Insurance Services Office

How Rates for Insurance Are Determined

An automated insurance rating system allows for multiple quotes to be obtained in a matter of minutes, saving time and money. “Rate making” (aka insurance pricing) is the way in which insurers determine what rates or premiums to charge for their insurance.

A rate is defined as “the price per unit of insurance for each exposure unit, which is a unit of liability or property with similar characteristics.” For example, in property and casualty insurance, the exposure unit is typically equal to $100 of property value, and liability is measured in $1,000 units.

Insurance companies, wholesalers, and Program Administrators need to base how much they charge consumers on an amount that must cover their losses and expenses, and still earn some profit, otherwise the insurer would not be successful. However, all states have laws that regulate what insurance companies can charge, and thus, both business and regulatory objectives must be met.

Protecting the customer

The main regulatory objective of the state is to protect the customer, while also realizing that the insurer must maintain solvency in order to pay claims. Thus, the three main regulatory requirements regarding rates is that:

They be fair compared to the risk involved
Premiums must be adequate to maintain insurer solvency, and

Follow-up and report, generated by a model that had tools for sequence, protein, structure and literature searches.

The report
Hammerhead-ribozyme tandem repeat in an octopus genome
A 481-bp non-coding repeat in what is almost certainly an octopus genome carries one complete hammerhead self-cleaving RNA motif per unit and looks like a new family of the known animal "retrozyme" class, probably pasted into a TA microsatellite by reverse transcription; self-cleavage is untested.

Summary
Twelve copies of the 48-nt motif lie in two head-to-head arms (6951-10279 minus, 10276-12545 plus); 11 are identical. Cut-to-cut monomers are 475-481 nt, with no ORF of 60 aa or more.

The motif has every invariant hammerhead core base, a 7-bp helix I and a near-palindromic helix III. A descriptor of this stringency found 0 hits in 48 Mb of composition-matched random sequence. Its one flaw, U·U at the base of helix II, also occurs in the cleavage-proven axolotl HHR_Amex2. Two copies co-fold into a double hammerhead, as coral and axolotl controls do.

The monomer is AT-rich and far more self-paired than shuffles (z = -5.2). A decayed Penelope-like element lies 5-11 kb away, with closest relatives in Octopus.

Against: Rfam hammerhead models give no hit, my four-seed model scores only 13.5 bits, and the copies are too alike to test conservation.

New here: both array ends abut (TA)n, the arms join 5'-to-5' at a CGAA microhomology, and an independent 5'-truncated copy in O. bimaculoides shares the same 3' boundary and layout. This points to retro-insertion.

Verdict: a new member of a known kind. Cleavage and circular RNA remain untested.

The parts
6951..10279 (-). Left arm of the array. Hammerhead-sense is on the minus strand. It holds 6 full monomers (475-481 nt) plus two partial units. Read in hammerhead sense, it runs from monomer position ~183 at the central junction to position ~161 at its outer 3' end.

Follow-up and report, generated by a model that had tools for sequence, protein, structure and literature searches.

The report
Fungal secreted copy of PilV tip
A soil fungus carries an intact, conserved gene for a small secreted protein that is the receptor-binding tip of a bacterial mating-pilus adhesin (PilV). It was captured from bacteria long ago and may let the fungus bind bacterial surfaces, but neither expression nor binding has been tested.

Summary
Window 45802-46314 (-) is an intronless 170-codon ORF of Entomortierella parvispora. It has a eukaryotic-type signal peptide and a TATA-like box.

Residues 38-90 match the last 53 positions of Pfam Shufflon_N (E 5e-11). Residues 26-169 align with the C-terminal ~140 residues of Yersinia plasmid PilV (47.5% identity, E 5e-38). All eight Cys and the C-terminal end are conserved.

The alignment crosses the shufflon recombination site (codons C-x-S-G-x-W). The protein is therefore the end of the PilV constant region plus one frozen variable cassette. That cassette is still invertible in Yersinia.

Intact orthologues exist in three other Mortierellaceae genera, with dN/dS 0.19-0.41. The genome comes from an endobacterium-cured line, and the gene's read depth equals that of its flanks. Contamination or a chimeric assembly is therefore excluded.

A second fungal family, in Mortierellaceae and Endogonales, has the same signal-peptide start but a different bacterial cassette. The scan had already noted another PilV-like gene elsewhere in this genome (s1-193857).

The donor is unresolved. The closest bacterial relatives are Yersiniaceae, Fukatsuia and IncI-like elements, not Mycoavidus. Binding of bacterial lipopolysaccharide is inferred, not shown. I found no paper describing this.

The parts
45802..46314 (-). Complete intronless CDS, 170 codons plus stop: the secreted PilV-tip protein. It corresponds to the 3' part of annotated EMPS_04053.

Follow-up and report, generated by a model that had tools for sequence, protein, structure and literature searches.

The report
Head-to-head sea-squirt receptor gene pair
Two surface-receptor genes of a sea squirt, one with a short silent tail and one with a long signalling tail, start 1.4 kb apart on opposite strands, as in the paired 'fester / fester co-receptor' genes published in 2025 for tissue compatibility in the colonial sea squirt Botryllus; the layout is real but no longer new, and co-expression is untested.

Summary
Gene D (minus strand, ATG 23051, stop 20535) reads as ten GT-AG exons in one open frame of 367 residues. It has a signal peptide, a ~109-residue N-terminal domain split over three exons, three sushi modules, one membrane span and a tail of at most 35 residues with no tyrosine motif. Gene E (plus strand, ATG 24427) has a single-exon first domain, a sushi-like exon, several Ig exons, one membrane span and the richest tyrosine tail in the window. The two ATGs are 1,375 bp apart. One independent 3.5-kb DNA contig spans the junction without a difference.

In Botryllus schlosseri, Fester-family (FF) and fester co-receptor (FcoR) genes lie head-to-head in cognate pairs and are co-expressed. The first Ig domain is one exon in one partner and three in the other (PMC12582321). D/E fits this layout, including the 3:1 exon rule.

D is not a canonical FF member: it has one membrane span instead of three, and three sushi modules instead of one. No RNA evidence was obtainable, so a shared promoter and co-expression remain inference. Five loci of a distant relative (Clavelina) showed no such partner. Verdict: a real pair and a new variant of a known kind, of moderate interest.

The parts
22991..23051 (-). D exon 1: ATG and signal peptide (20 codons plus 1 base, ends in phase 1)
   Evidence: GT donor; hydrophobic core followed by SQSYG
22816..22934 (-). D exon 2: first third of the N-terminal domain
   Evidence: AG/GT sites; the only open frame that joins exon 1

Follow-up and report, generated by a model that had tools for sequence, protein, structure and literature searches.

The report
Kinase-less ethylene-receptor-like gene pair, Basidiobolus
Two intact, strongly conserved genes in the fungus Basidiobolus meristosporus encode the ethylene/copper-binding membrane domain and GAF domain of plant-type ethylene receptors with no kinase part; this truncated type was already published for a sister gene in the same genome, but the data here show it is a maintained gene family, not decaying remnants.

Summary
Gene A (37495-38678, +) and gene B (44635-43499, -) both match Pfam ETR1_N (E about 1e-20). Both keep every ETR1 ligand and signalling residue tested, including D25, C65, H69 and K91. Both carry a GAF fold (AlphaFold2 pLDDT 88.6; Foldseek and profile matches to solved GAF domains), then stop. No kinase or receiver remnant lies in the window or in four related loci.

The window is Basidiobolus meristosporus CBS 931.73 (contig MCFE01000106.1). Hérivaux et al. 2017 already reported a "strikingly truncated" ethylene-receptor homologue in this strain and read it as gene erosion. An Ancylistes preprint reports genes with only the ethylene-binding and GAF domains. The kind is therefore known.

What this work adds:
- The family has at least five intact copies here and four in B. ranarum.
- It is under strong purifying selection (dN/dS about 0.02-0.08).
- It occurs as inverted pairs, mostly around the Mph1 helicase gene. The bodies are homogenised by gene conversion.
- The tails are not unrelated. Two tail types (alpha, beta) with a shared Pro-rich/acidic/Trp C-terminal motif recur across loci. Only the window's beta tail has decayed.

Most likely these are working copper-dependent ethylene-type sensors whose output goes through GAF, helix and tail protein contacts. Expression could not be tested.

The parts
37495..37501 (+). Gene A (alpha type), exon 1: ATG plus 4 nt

The same rates should be charged for all members of an underwriting class with a similar risk profile

Although competition basically ensures that businesses meet these objectives anyway, the states want to regulate the industry in a way so that fewer insurers will go bankrupt, since many customers depend on insurance companies to avoid their own personal financial calamity.

The main problem that many insurers face in setting fair and adequate premiums is that actual losses and expenses are not known when the premium is collected. Only after the premium period has elapsed will the insurer know what its true costs are. Larger insurance companies maintain their own databases to estimate frequency and the dollar amount of losses for each underwriting class, but smaller companies rely on rating bureaus for loss information.

A rating bureau is a company that collects loss information to sell to insurance companies. A major rating bureau in the United States is the Insurance Services Office (ISO). Nonetheless, ISO, for instance, does not suggest what rates to charge, but only sells the loss data, letting the companies determine what rates to charge, which is why they often rely on some type of automated insurance rating system to help quickly calculate the best rates being offered and then deliver this information to the consumer.